DHS official explains Trump administration’s handling of the Southwest border

The number of people apprehended at the border has risen steadily while activists accused the Trump administration of expelling them without due process.
5:47 | 08/09/20

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Transcript for DHS official explains Trump administration’s handling of the Southwest border
The coronavirus crisis is also playing out on the southwest border. It's been closed because of a CDC public health order since March, but the number of people apprehended there has been rising steadily. While activists accuse the trump administration of expelg them without due process. Joining us now is Ken cucchinelli. Thank you so much for your time this morning. I want to jump right to it, some of the people being turned away as part of these rapid expulsions as they're called, include children, infants as young as 8 months old, does the United States have a moral or a legal obligation to hear these asylum claims even during a pandemic? So, the asylum system is still up, but we're operating under the CDC's public health order from mid-march. This has been the case for a number of months now and families of course are kept together and they are turned over, 80%, to your point about the rapid return are now returned in under two hours, they don't come through our facilities. They can and they do make for instance what are called claims, torture claims, those do come to the border patrol facilities and those are adjudicated by uscis officers. But the others go straight back to Mexico, Mexico's been very accommodating in terms of that, and of course we have set up with Mexico for a year and a half now the mpp, the migrant protection protocols. People who are awaiting for asylum hearings wait in Mexico instead of being released in the United States. It changes where they wait, and they wait in Mexico. This is a hot-button issue, strong opinions on all sides, critics argue that there's more aboulitics than public health. When this pandemic is over, and that public health emergency is done, will the asylum process go back to normal, can you promise that today? Well, when there's -- when we're not operating under a public health order and we can safely conduct all of these processes, absolutely. And in fact, we're looking at ways to do some of these processes virtually from Mexico trying to get those setups so we can get people hearings faster, so we can get this process going even before the pandemic ends, which is our goal. We think it's in everybody's interest to move forward as efficiently and as quickly as we can, of course, we have to balance that with the public safety aspect of the covid pandemic. I do want to turn to another topic which is tiktok and president trump's decision to ban the chinese-owned video sharing app, so many of these apps collect personal data on their users, what makes tiktok so much more dangerous in the eyes of the administration than say Google, Facebook and others? So tiktok is owned by a Chinese company and the laws the communist party have put in place, requires the companies to share information on demand, no warrants, none of the protections you would see in the United States with the Chinese communist government there. And that is a major security concern, if -- if the Chinese owner were to divest the foreign part, with say Microsoft, then that obligation for the company operating in the United States would go away, so there's a major concern here and as you noted this is an unusual product or service in that it collects an awful lot of personal information, including beyond just the users, the users -- Mr. Cuccinelli, a quick follow-up question for, tiktok is threatening to sue the administration this week, but as this legal process plays out, what do you tell parents, you're a parent. I have kids at home. Should parents go out and delete this app right now on their kids' phones and devices? I've actually had that conversation in my house. And I've let my kids know what they're dealing with and so my preference as a parent is that they do more listening and viewing than posting, if you will, and I mean, that's one way to be passive about it and still protect that information. You know, the problem is, it happens on a mass scale. It's not one particular kid or one particular person. It's the existence in the united States of a multimillion-person data collection effort that the essentially the spy agencies and the military of communist China can tap into, so it's really more of a meta problem on any given day. Hopefully, there will be a positive, constructive free-market solution to this. But the president is well within his authority to take the step he is to protect the united States and you know, India already banned tiktok as well. So we're not the only country in the world that has this concern but we do have a president obviously who's willing to take action which I think is somewhat unique from our America's history recently. There will definitely be a process to be played out in the coming days. Thank you so much for your time. We had overseas now to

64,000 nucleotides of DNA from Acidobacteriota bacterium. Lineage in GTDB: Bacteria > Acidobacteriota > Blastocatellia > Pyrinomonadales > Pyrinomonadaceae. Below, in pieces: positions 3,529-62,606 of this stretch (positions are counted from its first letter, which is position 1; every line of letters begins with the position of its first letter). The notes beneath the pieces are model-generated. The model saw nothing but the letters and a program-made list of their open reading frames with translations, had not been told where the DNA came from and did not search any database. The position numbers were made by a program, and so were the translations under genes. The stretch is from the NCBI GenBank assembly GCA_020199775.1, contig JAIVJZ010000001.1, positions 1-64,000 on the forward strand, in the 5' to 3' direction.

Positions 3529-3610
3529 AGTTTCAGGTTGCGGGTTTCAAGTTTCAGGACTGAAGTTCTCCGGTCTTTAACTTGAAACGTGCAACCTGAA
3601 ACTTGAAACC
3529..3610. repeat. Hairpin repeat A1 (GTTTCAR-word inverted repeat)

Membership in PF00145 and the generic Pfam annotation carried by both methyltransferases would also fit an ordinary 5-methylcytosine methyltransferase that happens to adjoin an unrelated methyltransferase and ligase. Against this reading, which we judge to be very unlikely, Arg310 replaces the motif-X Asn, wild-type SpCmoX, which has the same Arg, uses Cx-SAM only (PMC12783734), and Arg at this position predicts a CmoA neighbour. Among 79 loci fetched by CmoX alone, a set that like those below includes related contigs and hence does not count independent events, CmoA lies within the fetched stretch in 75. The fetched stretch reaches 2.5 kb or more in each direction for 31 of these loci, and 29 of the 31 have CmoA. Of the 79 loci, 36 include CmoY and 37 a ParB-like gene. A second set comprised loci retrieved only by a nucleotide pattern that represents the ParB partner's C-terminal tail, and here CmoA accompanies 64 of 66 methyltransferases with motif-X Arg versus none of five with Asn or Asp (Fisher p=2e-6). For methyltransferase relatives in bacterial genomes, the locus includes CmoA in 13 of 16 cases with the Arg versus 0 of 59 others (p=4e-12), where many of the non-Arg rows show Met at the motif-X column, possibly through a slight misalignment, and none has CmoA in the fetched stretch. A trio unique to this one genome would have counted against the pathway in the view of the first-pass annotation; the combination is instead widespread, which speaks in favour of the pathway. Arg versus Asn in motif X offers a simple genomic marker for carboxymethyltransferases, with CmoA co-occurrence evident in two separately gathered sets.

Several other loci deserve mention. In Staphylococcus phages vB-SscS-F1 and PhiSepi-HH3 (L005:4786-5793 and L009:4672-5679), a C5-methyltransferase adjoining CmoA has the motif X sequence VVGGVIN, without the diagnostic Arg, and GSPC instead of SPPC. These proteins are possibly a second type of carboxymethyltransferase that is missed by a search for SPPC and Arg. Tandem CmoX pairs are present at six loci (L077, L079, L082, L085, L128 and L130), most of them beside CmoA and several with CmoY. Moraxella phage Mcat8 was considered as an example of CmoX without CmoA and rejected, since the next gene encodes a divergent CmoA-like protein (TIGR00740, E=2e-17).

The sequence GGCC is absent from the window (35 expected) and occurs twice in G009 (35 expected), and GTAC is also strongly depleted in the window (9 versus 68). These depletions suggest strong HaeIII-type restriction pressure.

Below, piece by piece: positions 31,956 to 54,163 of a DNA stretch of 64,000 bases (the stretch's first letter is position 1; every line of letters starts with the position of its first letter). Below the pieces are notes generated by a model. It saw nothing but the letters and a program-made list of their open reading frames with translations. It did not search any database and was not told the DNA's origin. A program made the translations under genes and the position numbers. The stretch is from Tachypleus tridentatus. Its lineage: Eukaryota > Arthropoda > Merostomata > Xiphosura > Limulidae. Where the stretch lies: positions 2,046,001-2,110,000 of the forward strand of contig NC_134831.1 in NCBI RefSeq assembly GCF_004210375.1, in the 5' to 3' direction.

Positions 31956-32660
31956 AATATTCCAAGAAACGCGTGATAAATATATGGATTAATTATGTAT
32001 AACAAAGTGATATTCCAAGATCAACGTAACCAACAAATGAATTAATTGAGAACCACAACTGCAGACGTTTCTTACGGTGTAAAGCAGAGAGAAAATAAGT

This transcript has been automatically generated and may not be 100% accurate.

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